My trip to Suffolk was over before I knew it with only a small part of Colorless read and so my reading continued over the the following weekend. The following Saturday I knew the day would be good as the coffee began to seap into my brain, a flock of geese flew over my train like a native American sign telling me the way was clear. I had seen the geese from far off and was studying them intently because although they were far off they seemed like really big birds (for a moment I thought ‘the eagles are coming’). As they got closer I realised they were geese and my intense viewing of them led to a nice conversation with the lady next to me on the train. She sold me on the virtues of Polegate (its well situated between Lewes and Eastbourne).

On time I walked from the train station to the wedding venue (Hastings Museum and Art Gallery) only getting slightly lost (always the best kind of lost and standard for Murakami adventures). I didn’t ask a cat where to go because an ambulance man kindly obliged and before I knew it I was fully turned around and heading in the right direction.

2015-09-05 11.22.36Despite rumours to the contrary I didn’t read Haruki Murakami during the ceremony and duly paid attention to the cute speeches, poems and other guff people spout at weddings, yadda yadda yadda. I took photos to prove I had been there and would have shed a tear if I’d had a spare one. I realised that my life had a new classification I was not aware of, ‘people who come from Brighton’ and a motley crew we were. Frightened by the locals we huddled together for defensive purposes at various stages in the day. A brief note for the gentleman who played clown for the photographs, you’ve got talent and a touch more makeup and you could join a circus. How to get out of Hastings Museum and Art Gallery was pretty tricky (a magic button on the wall opens a door inwards for unsuspecting steppenwolves, not paying attention), its seems once you’re in they’re not that keen to let you go, I won’t hold that against them.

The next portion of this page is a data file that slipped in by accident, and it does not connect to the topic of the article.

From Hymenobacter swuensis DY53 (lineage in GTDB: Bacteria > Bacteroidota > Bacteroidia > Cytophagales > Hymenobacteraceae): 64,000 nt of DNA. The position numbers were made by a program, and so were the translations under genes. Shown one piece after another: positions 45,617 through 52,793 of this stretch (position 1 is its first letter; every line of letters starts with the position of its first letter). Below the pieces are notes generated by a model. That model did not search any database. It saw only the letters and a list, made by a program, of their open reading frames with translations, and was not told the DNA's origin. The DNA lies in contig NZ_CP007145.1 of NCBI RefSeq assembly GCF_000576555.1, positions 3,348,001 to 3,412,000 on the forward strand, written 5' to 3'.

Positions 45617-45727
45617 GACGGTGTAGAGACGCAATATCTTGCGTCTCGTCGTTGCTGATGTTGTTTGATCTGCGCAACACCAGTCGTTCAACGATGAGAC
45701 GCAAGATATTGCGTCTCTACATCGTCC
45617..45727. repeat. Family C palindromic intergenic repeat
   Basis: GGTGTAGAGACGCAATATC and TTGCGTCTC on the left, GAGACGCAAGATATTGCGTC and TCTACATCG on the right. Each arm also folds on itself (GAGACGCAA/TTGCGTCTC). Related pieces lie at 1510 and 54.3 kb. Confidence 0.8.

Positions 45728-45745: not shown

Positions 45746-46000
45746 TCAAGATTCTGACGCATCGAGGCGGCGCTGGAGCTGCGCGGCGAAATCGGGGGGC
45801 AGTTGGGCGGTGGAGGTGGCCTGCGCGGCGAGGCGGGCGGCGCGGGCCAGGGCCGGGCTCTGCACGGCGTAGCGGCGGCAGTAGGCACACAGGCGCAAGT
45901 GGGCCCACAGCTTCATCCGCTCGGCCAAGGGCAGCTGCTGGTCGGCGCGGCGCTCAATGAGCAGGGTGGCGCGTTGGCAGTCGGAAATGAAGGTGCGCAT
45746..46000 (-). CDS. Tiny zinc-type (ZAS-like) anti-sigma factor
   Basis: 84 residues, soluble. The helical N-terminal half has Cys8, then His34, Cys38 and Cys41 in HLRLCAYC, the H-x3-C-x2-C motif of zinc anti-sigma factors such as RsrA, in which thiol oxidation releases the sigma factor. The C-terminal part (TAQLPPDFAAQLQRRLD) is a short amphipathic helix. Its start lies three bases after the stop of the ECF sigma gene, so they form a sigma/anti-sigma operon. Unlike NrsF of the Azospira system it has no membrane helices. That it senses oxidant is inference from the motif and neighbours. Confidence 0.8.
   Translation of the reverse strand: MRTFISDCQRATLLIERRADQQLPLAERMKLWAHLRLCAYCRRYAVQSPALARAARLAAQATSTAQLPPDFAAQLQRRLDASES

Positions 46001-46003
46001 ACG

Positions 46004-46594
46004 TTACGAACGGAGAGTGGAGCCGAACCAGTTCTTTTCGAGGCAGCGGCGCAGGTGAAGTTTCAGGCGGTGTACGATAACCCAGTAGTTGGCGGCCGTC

2015-09-05 12.51.402015-09-05 12.42.542015-09-05 12.08.26

Whilst no one was looking I legged it to the sea front and before I knew it was standing at the end of the pier looking at all the work being done. This seemed like a good time to have a beer and so over the road to The White Rock Hotel. Some good and one bad experience here. The bar maid short changed me (a personal no no for me, always mentioned in reviews), when she gave me the pound she’d short changed me she took it from the staff tips tin where she had put it in the first place! Bit of a give away (management note). On the good side she had been trained to pour a pint of Guinness and that is always appreciated and the Hotel has a nice veranda to sit on and watch the sea and the world go by while you read Haruki. The old man with the dog with the highest collar in the world was a highlight and brought a smile to my face.

2015-09-05 13.46.382015-09-05 13.04.43Walking along the sea front I passed the crazy man shouting gobbledygook and having offered this service to Ig the previous day saw what was perhaps my future. The man walking in the opposite direction who said “at least he hasn’t got a care in the world” was right and I replied “its not a bad place to be”. I also passed the intriguing St Mary in the Castle building but did not have time to explore (another time). Then passed the fishing boats before reaching Jerwood gallery.